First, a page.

The latest numbers from Shopper-Track predicts sales in November and December will only rise 2.4%, the smallest increase since 2009.
The National Retailer Federation also says 3 out of 10 people are also blaming the political fighting on Capitol Hill for cutting into their seasonal festivities.
Debbie Stephens, owner of BodeGa in Conway, said holiday sales in her store have been pretty low the past few years, and she's not expecting this year to be any better.
"It's been really, really tough. It's been tough on everybody in Conway. Not just myself, but all the retailers down here," Stephens said.
Her holiday sale push officially begins shortly after Halloween.
"What's coming up now will be another iffy for all of us because we don't know if this looming shutdown in January is going to affect us," Stephens said.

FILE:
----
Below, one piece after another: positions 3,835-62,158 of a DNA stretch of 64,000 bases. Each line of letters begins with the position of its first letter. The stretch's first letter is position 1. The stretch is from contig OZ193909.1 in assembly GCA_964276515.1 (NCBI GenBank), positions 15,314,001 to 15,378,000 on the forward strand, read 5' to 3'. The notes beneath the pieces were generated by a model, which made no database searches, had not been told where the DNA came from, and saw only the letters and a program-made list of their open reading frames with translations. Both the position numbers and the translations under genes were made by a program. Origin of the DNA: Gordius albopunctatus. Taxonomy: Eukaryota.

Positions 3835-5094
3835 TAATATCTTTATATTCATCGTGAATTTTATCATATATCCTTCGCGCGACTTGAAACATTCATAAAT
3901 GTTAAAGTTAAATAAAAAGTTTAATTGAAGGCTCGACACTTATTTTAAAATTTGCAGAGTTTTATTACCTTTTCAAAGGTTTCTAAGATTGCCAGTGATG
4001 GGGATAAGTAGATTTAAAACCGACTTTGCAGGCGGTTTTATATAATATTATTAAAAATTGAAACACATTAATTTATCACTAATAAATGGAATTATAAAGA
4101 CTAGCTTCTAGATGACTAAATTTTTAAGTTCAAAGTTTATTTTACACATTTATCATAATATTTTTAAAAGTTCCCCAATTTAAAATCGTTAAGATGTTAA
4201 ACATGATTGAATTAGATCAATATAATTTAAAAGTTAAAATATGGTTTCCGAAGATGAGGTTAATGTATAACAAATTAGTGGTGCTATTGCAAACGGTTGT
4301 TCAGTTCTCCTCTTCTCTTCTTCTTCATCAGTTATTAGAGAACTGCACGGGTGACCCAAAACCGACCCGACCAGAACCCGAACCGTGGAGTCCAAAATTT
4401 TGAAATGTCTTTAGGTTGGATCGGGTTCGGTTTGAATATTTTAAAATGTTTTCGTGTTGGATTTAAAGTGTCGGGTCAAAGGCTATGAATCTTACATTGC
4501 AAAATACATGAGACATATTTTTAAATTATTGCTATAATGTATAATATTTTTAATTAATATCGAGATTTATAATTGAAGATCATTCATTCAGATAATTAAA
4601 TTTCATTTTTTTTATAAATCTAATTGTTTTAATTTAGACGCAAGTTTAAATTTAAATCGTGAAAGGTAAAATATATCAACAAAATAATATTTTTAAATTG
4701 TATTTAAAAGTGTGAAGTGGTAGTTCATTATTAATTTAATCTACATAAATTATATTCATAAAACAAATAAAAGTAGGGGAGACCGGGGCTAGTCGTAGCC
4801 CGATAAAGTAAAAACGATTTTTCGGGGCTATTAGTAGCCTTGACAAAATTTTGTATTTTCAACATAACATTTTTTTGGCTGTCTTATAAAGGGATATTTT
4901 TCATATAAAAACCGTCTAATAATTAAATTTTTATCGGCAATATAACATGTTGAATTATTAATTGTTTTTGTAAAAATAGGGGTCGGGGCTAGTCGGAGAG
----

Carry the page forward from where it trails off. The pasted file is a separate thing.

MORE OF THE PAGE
She said this year, she's stocking up on necessities since that's what's been selling lately.
"People are giving up those cutesy unnecessary things. They're going for the things they need and have to have. Like I have to replace my coffee maker, I need to replace my toaster. I need to replace my potato peeler. You know, they're looking to give gifts that are going to be useful," Stephens said.
Stephens said her holiday plan this year is to just keep shopper's spirits bright.
"Our plans are to just try our best to have a lot of Christmas spirit. To have events here in the store, have people coming in to hear Christmas music and have some warm apple cider, and to look and we're going to offer gifts with purchase," Stephens said.
The National Retailer Federation says the average consumer will spend a total of $737.95 on gifts, decor and greeting cards this holiday season.